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Public Law & Legal Theory


In New York State Rifle & Pistol Ass'n v. Bruen, the Supreme Court held unconstitutional a New York Statute that, as construed by the state courts, allowed an individual to carry a firearm outside her home or business for purposes of self-defense only if she could show licensing authorities "a special need for self-protection distinguishable from that of the general community." By a vote of six-to-three, the Court concluded that this statute violated the right to keep and bear arms guaranteed by the Second Amendment and applied to the states by the Fourteenth Amendment.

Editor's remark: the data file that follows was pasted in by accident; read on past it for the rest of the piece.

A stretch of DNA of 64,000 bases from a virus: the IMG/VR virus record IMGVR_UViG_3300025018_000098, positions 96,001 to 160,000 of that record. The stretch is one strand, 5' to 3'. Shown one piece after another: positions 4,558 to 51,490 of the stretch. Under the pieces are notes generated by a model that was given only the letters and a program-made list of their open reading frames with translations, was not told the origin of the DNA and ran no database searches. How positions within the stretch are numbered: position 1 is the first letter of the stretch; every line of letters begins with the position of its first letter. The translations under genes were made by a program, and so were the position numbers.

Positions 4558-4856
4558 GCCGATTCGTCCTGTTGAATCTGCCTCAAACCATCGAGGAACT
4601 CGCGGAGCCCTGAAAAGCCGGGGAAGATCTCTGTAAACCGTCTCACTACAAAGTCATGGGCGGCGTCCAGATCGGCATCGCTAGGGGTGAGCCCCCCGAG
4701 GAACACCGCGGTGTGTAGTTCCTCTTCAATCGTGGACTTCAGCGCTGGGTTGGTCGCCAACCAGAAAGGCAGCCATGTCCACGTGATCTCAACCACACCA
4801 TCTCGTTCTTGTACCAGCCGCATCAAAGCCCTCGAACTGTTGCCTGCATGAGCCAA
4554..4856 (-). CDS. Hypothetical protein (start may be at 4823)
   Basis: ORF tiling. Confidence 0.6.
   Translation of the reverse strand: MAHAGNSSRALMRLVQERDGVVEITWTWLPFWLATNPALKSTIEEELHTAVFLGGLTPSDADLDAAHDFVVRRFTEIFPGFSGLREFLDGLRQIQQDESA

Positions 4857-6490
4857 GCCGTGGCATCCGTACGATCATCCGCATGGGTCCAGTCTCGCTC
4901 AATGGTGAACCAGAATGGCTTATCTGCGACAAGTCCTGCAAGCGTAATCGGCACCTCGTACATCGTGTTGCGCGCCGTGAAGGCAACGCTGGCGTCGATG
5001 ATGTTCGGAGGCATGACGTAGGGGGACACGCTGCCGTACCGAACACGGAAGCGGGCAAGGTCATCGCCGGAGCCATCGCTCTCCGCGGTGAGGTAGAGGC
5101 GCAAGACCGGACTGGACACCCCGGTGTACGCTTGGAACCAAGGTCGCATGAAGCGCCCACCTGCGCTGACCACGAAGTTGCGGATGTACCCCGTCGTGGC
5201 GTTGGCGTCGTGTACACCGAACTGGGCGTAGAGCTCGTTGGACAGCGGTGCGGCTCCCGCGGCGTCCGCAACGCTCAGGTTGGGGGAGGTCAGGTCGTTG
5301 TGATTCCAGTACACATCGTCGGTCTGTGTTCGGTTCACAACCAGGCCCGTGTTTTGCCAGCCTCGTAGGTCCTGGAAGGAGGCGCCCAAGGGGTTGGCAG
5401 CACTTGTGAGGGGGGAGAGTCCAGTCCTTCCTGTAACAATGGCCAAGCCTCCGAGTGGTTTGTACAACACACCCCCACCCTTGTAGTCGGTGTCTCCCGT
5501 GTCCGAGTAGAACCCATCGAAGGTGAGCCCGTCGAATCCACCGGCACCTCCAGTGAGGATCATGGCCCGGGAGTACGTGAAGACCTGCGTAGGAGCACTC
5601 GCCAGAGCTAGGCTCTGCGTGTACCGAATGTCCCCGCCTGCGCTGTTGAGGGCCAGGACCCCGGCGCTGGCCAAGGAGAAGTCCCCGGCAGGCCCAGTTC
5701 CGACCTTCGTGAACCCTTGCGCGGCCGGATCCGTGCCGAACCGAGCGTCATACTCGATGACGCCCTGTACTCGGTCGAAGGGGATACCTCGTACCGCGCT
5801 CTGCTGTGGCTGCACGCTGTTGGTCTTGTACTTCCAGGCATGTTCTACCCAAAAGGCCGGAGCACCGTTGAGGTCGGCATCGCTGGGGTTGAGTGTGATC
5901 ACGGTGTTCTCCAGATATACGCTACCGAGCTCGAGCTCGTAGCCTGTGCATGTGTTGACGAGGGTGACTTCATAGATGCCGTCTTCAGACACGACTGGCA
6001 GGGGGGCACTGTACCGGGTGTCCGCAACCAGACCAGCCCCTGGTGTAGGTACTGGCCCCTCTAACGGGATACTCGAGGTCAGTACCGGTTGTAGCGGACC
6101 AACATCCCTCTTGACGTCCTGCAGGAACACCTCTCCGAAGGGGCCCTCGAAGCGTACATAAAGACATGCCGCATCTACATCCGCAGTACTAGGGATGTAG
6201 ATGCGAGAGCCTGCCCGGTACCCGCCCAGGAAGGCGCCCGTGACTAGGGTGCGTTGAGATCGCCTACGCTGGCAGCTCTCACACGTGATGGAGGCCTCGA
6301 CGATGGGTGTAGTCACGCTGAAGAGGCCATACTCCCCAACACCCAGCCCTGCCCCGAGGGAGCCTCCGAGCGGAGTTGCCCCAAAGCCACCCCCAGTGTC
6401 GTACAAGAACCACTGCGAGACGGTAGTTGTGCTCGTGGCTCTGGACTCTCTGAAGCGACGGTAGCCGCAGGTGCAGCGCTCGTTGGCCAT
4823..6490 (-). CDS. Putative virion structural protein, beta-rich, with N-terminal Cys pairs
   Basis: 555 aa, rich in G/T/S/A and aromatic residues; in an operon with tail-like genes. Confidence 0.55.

The Court announced a general standard for applying the Second Amendment that, in the year following its decision, led lower courts to invalidate dozens of state and federal firearms regulations. Shortly after Bruen’s anniversary, on the last day of its 2022–23 Term, the Court agreed to review a Fifth Circuit decision striking down a federal statute barring people subject to domestic violence restraining orders from possessing firearms. The Court also seemed likely to review conflicting rulings by the Third and Eighth Circuits on the validity of a federal law forbidding firearm possession by convicted felons.



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